http://www.ece.msstate.edu/~winton/classes/ece4853/fibers/WeaklyGuidedFibers.pdf

    Yes, certainly. Also, the refractive index difference between the core and cladding, as well as the wavelength of light determine the modes. Even a single mode fiber will have many modes for visible light, and is only single mode for 1300 nm and 1550 nm operation.

    That is exactly it. In particular, think about coupling light into such a small core. It is impossible to couple LEDs efficiently into a single mode fiber. Only a laser mode can be coupled well, and even then only with special lenses and very precise alignment and stabilization. It is interesting that when single mode fiber was initially considered, critics laughed at the idea saying the coupling light from sources and coupling from fiber to fiber would be impossible. This is a good lesson because such critics always underestimate human ingenuity to solve the next problem. What people do now far surpasses what anyone thought would be possible. Lasers can be couples to single mode fiber with only a few percent loss. Fibers can be fusion spiced together will essentially no loss at all (for all practical purposes). Fiber to fiber mechanical couplers/connectors now have losses less than 0.1 dB and are super stable.

    Hence, single mode fiber is very practical and effective, however cost will naturally be higher to deal with the tolerance and alignment issues. This is why multimode fibers and plastic fibers still find use, even though they are not as advanced as the single mode technology. Engineering and manufacturing always consider the cost/complexity needed relative to the application.
     
    Last edited: Jan 17, 2014
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  6. rumpfy

    rumpfy Active Member

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    PG,
    Theres a few things in my mind coming out of steve's reply at post 22.
    I think your original question was ;" if a single very small diameter ray of light entered an optical fibre, how would that ray of light become converted to a multi mode ray of light bouncing off the core/cladding interface"; at least that was how I saw it. Hence I gave the answers I did.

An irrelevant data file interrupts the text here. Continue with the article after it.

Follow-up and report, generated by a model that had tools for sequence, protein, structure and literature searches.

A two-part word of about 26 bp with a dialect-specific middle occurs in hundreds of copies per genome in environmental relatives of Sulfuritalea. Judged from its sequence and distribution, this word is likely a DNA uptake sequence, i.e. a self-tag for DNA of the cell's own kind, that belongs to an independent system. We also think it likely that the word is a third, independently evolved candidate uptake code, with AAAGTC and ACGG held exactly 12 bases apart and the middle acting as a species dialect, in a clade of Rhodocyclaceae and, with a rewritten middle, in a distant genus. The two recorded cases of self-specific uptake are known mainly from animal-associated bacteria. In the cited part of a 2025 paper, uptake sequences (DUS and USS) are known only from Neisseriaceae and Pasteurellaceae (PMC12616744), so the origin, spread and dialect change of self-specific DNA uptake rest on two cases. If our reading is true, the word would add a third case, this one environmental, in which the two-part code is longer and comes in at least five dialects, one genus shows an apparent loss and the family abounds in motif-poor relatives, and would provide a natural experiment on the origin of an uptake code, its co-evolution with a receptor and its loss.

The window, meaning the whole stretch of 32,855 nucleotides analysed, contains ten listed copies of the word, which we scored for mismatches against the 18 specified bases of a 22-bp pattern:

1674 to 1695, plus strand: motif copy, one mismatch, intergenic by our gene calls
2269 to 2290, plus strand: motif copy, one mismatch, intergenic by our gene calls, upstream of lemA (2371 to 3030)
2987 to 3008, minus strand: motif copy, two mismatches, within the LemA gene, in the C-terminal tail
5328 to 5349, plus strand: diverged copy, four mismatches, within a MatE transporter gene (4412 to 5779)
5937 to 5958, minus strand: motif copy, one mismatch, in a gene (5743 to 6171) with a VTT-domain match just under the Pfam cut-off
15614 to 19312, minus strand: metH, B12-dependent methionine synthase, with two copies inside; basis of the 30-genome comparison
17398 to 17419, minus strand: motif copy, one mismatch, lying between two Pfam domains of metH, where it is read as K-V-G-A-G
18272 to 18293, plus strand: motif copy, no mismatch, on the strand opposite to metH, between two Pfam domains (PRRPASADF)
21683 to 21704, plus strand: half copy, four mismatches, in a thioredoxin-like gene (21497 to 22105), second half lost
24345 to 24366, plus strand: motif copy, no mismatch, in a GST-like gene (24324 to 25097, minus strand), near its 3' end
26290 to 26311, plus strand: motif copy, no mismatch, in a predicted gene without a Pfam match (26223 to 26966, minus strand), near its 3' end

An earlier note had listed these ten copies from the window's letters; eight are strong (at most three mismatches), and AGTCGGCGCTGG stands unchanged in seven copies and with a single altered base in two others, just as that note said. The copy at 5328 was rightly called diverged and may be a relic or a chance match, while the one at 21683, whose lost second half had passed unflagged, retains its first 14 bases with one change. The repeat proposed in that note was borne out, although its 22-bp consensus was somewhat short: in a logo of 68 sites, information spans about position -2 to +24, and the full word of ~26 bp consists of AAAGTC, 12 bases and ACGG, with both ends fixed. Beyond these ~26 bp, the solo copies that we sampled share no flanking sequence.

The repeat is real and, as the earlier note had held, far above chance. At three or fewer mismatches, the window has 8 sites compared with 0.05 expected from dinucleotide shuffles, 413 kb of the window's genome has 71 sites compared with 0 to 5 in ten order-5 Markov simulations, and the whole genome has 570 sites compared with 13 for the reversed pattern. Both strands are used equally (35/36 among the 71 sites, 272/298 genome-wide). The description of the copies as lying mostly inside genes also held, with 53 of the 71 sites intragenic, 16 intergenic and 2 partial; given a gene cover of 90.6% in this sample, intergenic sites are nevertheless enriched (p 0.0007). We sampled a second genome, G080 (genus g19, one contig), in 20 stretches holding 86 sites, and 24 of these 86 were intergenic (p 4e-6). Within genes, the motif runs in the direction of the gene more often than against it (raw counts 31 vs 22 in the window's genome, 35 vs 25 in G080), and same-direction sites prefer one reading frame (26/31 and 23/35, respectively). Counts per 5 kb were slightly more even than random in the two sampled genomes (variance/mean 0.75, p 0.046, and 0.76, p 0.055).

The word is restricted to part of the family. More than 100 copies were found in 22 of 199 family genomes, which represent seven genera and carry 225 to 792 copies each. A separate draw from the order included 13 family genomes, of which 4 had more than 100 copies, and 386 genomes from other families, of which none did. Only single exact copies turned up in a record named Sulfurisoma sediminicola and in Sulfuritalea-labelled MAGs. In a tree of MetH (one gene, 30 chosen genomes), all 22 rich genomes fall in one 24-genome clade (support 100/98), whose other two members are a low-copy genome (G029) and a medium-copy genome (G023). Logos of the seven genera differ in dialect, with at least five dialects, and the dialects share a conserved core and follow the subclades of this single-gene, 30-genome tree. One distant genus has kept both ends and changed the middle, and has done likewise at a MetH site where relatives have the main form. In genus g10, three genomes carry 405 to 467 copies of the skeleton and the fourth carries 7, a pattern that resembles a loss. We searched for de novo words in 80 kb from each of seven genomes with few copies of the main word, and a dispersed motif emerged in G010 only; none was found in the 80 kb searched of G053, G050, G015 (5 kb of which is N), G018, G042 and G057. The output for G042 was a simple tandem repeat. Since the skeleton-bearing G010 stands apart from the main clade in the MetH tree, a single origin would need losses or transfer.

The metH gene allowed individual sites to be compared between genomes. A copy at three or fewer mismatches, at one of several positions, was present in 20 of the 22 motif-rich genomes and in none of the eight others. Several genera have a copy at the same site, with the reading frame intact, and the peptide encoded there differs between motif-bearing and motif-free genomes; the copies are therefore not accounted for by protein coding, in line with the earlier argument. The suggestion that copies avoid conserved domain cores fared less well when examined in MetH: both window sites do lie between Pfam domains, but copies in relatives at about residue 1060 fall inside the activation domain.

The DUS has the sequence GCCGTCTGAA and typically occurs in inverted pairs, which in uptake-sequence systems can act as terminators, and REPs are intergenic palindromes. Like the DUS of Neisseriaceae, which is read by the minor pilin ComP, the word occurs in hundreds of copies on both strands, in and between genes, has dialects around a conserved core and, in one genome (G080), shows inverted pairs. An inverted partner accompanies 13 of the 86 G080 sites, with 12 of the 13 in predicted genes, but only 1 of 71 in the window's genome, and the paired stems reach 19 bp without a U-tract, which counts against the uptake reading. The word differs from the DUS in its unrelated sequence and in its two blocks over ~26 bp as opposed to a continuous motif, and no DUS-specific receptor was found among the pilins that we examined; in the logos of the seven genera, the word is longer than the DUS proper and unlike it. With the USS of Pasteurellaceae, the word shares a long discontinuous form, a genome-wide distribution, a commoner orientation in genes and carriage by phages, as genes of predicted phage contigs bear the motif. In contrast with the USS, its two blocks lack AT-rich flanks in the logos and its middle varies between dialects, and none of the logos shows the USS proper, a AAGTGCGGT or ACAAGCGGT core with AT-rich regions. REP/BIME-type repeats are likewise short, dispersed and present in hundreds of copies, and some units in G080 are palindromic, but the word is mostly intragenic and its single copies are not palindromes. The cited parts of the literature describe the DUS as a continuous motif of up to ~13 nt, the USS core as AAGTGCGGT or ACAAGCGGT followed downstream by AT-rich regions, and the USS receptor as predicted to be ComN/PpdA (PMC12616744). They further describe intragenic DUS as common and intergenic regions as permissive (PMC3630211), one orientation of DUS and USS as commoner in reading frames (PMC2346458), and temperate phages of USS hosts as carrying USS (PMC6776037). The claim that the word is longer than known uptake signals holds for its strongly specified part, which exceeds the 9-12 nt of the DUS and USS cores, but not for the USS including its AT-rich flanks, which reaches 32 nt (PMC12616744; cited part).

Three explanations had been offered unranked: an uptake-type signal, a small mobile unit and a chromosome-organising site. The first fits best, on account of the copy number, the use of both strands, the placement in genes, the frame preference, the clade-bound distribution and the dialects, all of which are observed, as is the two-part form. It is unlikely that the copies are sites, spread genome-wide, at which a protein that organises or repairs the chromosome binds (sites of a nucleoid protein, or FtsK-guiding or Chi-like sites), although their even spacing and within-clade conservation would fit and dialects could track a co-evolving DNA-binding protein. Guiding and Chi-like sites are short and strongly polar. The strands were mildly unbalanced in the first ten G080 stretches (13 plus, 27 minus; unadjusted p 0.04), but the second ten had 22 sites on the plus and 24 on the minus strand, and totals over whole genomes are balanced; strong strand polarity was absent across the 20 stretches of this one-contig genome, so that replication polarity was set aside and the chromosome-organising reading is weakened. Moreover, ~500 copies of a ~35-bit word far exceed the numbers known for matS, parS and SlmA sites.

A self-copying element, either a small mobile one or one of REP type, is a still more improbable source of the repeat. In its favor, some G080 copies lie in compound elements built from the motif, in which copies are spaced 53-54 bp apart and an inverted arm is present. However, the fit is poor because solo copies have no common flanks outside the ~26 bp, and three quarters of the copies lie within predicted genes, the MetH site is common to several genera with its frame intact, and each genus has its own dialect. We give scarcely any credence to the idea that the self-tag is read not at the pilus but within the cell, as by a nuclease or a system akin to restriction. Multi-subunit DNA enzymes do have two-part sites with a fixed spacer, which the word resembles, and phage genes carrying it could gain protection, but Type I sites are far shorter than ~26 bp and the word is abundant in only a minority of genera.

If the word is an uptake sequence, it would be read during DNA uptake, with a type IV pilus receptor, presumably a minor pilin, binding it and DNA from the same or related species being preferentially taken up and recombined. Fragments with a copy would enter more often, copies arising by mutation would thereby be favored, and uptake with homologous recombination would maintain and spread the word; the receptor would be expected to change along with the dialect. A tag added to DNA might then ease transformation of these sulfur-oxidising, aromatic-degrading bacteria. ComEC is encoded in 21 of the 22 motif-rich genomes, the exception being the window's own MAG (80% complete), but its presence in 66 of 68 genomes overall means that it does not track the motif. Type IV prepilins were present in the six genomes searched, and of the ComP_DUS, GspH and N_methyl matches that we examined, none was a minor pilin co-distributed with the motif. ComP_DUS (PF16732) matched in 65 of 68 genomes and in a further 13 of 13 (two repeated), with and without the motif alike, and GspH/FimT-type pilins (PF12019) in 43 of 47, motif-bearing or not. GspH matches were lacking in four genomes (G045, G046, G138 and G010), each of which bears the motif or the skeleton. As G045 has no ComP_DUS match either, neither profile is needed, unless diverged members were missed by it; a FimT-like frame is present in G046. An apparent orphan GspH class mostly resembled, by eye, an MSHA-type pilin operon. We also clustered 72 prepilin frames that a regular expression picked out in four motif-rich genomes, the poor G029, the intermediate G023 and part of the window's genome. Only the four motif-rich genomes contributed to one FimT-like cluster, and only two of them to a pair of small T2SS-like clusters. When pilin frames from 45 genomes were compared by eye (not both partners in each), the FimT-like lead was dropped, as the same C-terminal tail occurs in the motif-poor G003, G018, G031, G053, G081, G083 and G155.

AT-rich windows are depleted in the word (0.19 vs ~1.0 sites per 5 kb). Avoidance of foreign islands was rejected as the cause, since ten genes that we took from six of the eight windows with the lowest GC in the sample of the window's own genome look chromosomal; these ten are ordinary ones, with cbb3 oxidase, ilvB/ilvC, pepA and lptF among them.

I said;"I am not exactly sure what is a 'single ray'.
    Steve said;"The 'ray picture' is not a very good way to understand what modes really are".
    I thought we were both saying 'lets be careful here'.
    Your followup queries about single mode and how useful it is, didn't get to the other point that for some applications, a large diameter core can couple significant light from say a LED or other 'unrefined' light source and provide a useful technical solution. For example, there is an international spec for a 4 air data cable with data transmission rates up to 100 Meg bits per second. This stuff is pretty useless really for transmission lengths longer than 45 meter and there is an alternative based on plastic fibres which does the job. Its about horse for courses; whats the best/whats the most economical. These questions are asked relentlessly and its why engineers are always known for 'always changing their mind'.
    Has the questions in your mind been answered to your satisfaction?
     
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  7. PG1995

    PG1995 Active Member

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    You have phrased the question I had in mind better than I could. Thanks. I won't say that I understand it completely but I believe for the present I'm satisfied with my little understanding. I will give it some time and then might return to the question later. At the moment I'm tight on time and final exams are just around the corner. Thank you.

    Regards
    PG
     
    Last edited: Jan 18, 2014
  8. rumpfy

    rumpfy Active Member

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    Good luck in your exams.
    pr.
     
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  9. trash

    trash Member

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    Sorry for the late reply, I've just picked up on this thread.
    No. This one is pretty simple. Photons don't interact with each other. You can't bounce photons off other photons.
    The saying is; You can't "see" light.

    Radio interference can come from many sources. They can be directly on the same frequency like another signal jamming. Or it can be on another frequency and for a number of reasons signals can mix (intermodulate) to produce a new signal which interferes. And then there is sources of noise. Both internal to the equipment and external from the rest of the universe.